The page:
Clothing (November 2017)

The clothes make the man!

Inside this issue: a Roman fashion show, bulla posters, Quintilian, the words “palliative” and “protection,” and more!

Email us to suggest a topic for a future issue! 


Main Feature: Two New Lesson Plans
Each issue will feature two lesson or activity ideas: one related to the Latin language, and one related to Classical Studies (Greek or Roman culture, mythology, or history).

1. CULTURE LESSON: A Roman Fashion Show

Introduction: This lesson will introduce students to eight articles of Roman clothing via a worksheet and fashion show.

: If you could walk down a street in ancient Rome, you could learn something about the strangers all around you simply by noticing what each one wore. For example, only citizens could wear the toga, and only married women could wear the stola. For the toga in particular, there were several varieties which each signified a different station or occasion. A brief explanation of the symbolic colors of togas can be found in our June 2017 Colors issue. The Romans were known as the gens togata or “toga-wearing people.” The toga represented the ideals of shared power of the Roman Republic and the height of civilization.  Cicero once said “cedant arma togae” (“May weapons yield to the toga”), with the toga being a metaphor for peaceful resolution of problems.  Because it was difficult to do manual labor or fight a battle while wearing a toga, the toga represented the peaceful occupation for an upper-class Roman man.  In some ways, it can be compared to the business suit that many “white collar” workers wear today, although the toga was reserved for special occasions and was mainly worn in public while doing official government business.  You may have heard about “toga parties” in modern usage, but in Roman times, the toga was a very serious garment.
Here are some excellent resources for more background on Roman clothing:

Objectives: Students will be able to name and describe several articles of ancient Roman clothing.


*Many thanks to Matthew Katsenes of Moultonborough Academy (NH) and to Emma Vanderpool of UMass Amherst for modeling Matthew’s Roman clothing items and providing the pictures used in this lesson.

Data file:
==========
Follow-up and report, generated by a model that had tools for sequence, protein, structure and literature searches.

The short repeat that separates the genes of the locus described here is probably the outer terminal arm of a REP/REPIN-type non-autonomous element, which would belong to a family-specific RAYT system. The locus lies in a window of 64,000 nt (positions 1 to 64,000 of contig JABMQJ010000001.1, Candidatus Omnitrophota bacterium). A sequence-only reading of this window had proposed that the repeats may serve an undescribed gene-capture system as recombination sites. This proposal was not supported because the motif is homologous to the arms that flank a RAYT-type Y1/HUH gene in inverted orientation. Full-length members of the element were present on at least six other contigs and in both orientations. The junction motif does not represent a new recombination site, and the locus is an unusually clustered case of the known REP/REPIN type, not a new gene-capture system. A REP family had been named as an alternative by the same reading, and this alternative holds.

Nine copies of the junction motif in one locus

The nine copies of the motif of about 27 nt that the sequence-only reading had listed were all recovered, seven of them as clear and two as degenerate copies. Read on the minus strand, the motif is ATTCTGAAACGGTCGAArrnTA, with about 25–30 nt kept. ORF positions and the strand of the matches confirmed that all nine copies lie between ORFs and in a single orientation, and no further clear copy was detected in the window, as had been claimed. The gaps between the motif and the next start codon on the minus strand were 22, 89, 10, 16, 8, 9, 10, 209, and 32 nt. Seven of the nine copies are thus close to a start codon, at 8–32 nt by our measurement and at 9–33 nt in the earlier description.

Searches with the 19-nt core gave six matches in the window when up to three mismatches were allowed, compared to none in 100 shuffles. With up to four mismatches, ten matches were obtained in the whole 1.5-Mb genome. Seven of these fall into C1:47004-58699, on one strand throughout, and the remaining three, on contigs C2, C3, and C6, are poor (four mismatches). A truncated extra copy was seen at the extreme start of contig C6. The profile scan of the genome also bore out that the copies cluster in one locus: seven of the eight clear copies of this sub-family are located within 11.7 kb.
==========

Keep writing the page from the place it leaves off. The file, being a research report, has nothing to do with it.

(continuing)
1. Before the lesson: Assemble a set of Roman clothing using the instructions below.
  2. Share the background information with the students.
  3. Pass out copies of the Roman Clothing Handout and explain that the class will match each article of clothing to its name as volunteers try on each item.
  4. Ask for a volunteer to try on each article of clothing. After the first student puts on the first item (any of them), ask the class to find that item’s picture on the handout and guess its name. Tell them a little about each item as it is modeled.
  5. Continue until each article of clothing has been modeled and identified by name on the handout.
  6. Students can practice identifying each article of clothing by playing “Go Fish” with the card game listed in the materials.

TUNICA – a basic garment worn by itself or under the toga. Take two rectangles of a heavy white fabric (Romans used wool), and sew them along the shoulders and sides. Then tie a thin belt around the waist. The tunic should reach to the knees or lower and should be very roomy.
Simple Solution: Take an oversized t-shirt, and add a belt. For young kids, pillowcases are also a great option for achieving the tunic look. Cut out holes at the top and sides for the neck and arms, and then add a belt.

LACERNA – a cloak worn over the tunic or the toga. The lacerna was fastened at the right shoulder and was typically a dark color.
Simple Solution: Obtain a dark-colored bedsheet or other large piece of cloth. Hold the sheet in place at the right shoulder, and then bring it across the front of the body and around the back to meet the part at the front shoulder. Fasten the sheet in place at the right shoulder, using a large clip.

TOGA VIRILIS – a large, draping garment, usually made of wool. It was worn over top of a tunic and was wrapped over the shoulders and around the body. For the most authentic look, you’ll want a semi-circular piece of fabric up to twenty feet in length.
Simple Solution: Use a bedsheet. Begin by draping the sheet over the left shoulder. Then bring it around the back, under the right arm, and back up to the left shoulder again.

TOGA PRAETEXTA – a toga with a purple stripe several inches wide along the edge. This particular toga was worn by men who held office and by freeborn children.
Simple Solution: Add a wide purple/crimson stripe to a bedsheet or large piece of fabric. Then drape it following the same instructions as the toga virilis.

DALMATICA – a wide-sleeved tunic with stripes. The Dalmatica was an elaborate version of the tunic during the late Roman Empire. It could be worn by men or women and later became a liturgical garment that is still worn today in Roman Catholic and other churches.